Visual Arts

With Bluegrass Printmakers, you can make your valentine cards

Bluegrass Printermakers Cooperative, 'Netflix and Print'

The Bluegrass Printmakers Cooperative hosts an event on Feb. 12, 2016, called "Neflix and Print," a party where people can custom print their own Valentines. Here, members of the Cooperative talk about the printing process.
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The Bluegrass Printmakers Cooperative hosts an event on Feb. 12, 2016, called "Neflix and Print," a party where people can custom print their own Valentines. Here, members of the Cooperative talk about the printing process.

Members of the Bluegrass Printmakers Cooperative will challenge Hallmark on Friday night as they teach Lexingtonians to hand-press their own valentines.

“What we’re going to have is like a print buffet,” Stephen Wiggins, the president of the Bluegrass Printmakers Cooperative said. “We’ll just have a station set up with blank molding blocks ... and I’ll show them how to carve out different images. So they bring the creativity, and we provide everything else.”

Since the designs will be hand drawn and carved, they will each be one of a kind, Wiggins says.

Movies and shows from Netflix will be playing in the background, and families can come enjoy the art, take part in a lesson or explore the studio with other visitors. Proceeds from the fundraising event, “Netflix and Print,” will help pay for printing materials and the cooperative’s studio space in the basement of ArtsPlace.

The process begins by tracing an image onto a blank wooden block or leaf, which will then have grooves carved in it to create the shadows or shapes of an image. Once a block is carved, it is inked, a five-minute process of rolling ink onto an applicator, called a brayer, and then rolling the desired amount onto the leaf.

The co-op has the materials and presses to do monotype, relief, screen, colographic and linoleum block printing. On Friday, Wiggins will teach linoleum block printing, which is the type he uses for his introductory classes.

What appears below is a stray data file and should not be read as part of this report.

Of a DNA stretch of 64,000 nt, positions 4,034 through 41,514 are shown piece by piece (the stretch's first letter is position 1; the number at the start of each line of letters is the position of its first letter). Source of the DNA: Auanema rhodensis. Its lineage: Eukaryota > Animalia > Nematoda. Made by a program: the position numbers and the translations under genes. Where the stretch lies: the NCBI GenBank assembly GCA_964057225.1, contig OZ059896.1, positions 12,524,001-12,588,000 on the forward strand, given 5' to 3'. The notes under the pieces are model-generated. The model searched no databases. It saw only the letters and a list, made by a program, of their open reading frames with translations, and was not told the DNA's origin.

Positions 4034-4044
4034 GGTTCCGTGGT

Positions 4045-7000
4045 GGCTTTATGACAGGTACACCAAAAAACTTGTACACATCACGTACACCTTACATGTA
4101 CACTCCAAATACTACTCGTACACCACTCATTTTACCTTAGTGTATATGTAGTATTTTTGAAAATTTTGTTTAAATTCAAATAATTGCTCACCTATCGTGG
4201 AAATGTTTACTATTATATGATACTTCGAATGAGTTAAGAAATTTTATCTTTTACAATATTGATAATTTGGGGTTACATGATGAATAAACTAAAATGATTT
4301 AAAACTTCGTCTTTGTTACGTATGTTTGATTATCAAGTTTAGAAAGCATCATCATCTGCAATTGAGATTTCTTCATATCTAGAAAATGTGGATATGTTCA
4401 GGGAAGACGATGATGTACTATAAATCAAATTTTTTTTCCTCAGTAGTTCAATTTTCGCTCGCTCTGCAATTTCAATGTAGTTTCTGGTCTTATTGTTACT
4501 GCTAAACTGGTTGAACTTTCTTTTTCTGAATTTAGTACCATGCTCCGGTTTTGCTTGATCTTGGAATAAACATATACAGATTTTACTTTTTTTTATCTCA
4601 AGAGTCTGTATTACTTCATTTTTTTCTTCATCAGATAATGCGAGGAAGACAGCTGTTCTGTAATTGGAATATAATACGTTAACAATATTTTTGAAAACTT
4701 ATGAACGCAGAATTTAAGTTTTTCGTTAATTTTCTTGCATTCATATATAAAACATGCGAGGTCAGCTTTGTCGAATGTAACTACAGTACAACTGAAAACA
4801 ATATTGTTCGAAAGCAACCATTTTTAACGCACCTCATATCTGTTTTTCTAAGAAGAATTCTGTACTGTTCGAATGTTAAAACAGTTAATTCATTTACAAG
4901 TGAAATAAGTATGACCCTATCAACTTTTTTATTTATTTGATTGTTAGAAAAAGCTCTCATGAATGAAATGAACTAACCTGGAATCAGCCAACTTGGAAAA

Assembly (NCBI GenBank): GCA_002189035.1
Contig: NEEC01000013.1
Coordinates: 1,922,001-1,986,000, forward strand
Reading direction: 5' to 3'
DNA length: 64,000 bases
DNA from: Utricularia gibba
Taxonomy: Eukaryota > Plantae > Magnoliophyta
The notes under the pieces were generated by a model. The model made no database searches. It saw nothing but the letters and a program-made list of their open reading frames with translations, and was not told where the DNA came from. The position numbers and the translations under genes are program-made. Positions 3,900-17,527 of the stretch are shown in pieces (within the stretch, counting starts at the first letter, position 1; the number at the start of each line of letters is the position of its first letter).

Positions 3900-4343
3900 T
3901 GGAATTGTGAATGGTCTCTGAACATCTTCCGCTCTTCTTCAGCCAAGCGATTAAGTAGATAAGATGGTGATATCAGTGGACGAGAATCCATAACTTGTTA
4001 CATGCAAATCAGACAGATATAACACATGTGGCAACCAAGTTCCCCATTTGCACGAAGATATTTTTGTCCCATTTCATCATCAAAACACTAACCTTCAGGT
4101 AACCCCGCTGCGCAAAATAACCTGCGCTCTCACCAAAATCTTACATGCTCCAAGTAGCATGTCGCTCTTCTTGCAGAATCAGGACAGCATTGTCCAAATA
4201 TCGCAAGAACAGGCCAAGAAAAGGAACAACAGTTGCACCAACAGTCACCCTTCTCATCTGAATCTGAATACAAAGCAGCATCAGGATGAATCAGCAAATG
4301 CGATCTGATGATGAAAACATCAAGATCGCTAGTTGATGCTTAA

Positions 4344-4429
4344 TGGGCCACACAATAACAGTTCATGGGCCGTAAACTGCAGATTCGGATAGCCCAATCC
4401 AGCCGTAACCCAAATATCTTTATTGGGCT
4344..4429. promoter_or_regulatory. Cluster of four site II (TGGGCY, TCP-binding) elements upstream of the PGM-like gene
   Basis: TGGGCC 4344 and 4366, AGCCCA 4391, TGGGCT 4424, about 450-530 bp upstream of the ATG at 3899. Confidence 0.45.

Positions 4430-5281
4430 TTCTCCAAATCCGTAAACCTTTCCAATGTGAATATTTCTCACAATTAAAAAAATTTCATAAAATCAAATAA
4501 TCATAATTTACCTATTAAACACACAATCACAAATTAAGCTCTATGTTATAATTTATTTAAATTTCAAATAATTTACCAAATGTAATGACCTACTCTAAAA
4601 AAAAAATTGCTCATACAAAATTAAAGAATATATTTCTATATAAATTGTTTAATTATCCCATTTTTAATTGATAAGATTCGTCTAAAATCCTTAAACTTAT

“If you’re not going to go to grad school, you’re not going to have the equipment you want to use,” Wiggins said. “If you want to print, you’re going to have to go into debt to do it or find a bunch of people that want to get together and share their expenses for printing. So that’s where this works. It’s kind of like a stopgap or a place for people to print that want to.”

Wiggins got his bachelor’s degree in art studio from the University of Kentucky with a focus in stone lithography, a process that requires a special type of stone to be flown in from Italy. A lithograph can cost thousands of dollars to produce. He sells his paper and clothing prints for $10 to $100 a print.

Co-op vice president Cathy Vigor has been printing since 1988, and at age 72, she plans to continue to crank the wheel until she no longer can.

“You never stop being an artist,” Vigor said. I don’t think we could stop if we wanted to. We don’t give up. We may change mediums and expand to other things, as long as you can do it.”

Marjorie Kirk: marjorie.kirk@uky.edu, Twitter: @marjorie_kirk

If You Go

‘Netflix and Print’

What: Event presented by the Bluegrass Printmakers Cooperative in which participants can print their own Valentines.

When: 6:30 to 9:30 p.m. Feb. 12

Where: ArtsPlace, 161 N. Mill St.

Admission: $10 donation suggested

Online: Bgprintmakers.org

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